A Parachute Regiment soldier risks losing his Army career after admitting drink driving.
Preston Magistrates’ Court heard the 16 month ban imposed on Bamber Bridge man Hugh Theodore Dixon, who enlisted in 2014, had put his role in the Colchester-based regiment in jeopardy.
District Judge Jeff Brailsford said despite his previous good character he could not shorten the ban as Private Dixon, 22, of Edward Street, Bamber Bridge, had been twice the legal limit.
Dixon’s platoon commander sat in the public gallery as proceedings took place.
Prosecuting, Phillippa White said: “At 4.40am, police became aware of a car on Victoria Road, driving at speed in their opinion.
“They turned their vehicle around intending to stop it and illuminated their lights. The vehicle continued on its journey down to the Capitol Centre and they saw it pull in near McDonald’s.”
She added after a positive breath test, agitated Dixon, who was on leave to attend a wedding and had been on a night out in Preston, said the police had “cost him his job” and begging them to charge him with speeding or going through a red light.
Dixon, of Edward Street, Bamber Bridge, was handcuffed.
Defending, Greg Earnshaw said: “He has not yet been deployed on active duty. There is an expectation on deployment that he is able to drive. The impact of this case is he will be subject to an Army disciplinary and there’s a risk he could be discharged.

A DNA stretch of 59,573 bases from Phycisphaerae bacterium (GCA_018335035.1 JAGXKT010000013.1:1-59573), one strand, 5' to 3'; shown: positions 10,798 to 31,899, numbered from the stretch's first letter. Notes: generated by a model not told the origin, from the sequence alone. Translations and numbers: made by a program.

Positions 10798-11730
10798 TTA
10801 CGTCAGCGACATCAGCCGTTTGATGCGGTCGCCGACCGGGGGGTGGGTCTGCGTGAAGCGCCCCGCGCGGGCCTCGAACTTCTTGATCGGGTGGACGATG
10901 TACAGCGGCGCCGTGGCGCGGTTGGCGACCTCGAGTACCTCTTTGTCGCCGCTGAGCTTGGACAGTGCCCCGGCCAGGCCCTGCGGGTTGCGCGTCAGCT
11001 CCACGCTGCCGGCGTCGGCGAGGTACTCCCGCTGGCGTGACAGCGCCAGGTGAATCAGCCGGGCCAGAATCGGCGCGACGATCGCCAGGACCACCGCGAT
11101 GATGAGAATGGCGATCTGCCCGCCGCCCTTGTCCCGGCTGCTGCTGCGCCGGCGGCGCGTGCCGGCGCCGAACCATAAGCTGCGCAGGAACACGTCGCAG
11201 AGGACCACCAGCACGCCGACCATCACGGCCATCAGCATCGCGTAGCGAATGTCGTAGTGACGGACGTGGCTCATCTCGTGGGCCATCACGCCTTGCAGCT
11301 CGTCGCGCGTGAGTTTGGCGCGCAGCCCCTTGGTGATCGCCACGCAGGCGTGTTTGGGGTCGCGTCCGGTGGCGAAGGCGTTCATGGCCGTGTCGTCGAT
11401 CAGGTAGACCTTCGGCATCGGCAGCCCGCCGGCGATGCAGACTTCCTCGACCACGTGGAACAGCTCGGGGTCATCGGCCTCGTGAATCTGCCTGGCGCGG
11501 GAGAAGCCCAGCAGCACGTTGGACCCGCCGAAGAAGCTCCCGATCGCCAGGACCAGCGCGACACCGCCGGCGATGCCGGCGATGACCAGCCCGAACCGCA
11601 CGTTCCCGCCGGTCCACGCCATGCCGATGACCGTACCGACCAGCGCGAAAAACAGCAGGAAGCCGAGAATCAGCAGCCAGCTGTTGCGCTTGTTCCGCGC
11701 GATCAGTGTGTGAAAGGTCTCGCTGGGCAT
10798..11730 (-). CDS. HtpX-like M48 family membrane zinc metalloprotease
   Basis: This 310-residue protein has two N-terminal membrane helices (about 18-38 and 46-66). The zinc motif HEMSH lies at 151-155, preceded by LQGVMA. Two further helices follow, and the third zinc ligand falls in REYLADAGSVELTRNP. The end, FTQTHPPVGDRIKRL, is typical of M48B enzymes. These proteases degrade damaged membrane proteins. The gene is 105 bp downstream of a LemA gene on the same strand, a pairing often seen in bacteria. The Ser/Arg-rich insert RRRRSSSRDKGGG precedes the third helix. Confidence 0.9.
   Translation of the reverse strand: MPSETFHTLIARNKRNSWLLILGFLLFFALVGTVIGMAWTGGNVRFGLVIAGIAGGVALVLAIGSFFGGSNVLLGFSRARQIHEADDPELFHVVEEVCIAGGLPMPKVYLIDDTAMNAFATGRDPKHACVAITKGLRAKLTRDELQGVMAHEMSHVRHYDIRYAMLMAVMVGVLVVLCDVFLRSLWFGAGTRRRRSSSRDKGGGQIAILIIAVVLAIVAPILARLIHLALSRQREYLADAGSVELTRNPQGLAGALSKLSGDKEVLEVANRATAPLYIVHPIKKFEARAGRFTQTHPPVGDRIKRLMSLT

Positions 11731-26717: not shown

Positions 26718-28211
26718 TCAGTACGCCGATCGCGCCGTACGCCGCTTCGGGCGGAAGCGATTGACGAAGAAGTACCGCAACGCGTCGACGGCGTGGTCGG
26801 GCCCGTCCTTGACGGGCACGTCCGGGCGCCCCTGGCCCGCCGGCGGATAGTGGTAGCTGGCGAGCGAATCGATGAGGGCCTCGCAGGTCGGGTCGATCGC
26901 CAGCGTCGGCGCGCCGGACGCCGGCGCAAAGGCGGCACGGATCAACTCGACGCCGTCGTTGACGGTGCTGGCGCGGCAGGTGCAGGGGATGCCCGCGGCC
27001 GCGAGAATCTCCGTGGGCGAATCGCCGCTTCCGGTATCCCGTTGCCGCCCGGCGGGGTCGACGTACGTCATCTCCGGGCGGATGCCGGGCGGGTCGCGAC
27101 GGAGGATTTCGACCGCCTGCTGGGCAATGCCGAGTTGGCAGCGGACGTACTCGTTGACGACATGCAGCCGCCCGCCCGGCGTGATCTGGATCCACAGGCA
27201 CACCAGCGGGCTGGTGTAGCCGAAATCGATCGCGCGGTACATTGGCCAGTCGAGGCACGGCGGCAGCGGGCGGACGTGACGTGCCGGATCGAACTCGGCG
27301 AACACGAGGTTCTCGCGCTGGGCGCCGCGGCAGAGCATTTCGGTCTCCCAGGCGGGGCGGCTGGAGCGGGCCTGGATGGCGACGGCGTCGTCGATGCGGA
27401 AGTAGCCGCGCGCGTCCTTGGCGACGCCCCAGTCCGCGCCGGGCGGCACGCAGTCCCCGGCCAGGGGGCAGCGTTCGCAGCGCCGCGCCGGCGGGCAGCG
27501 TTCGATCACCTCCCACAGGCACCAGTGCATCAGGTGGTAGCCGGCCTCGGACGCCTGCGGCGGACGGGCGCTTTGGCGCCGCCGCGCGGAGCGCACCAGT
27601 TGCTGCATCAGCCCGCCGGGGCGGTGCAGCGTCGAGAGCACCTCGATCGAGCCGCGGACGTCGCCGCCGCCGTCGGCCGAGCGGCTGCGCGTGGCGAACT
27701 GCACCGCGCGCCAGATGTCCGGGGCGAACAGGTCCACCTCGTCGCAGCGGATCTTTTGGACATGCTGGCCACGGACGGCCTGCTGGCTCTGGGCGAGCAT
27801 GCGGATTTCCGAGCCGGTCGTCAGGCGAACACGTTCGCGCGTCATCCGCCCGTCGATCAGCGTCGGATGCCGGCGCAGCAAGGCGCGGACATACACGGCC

“He had taken the car to his friend’s house - he should have left it there. He’s not proud of himself - but he’s a man other people will be proud of.”
District Judge Brailsford said: “I hope you would not disagree if I express the view you made a number of bad decisions that night.
“The journey from Preston to the Capitol Centre isn’t an easy one and so the risk you presented to yourself and others is clear.
“The vast majority of people will have the utmost respect for you and the armed forces. I bear in mind your good character but I cannot reduce the disqualification.”
Dixon must also pay a £300 fine, £30 surcharge and £85 costs.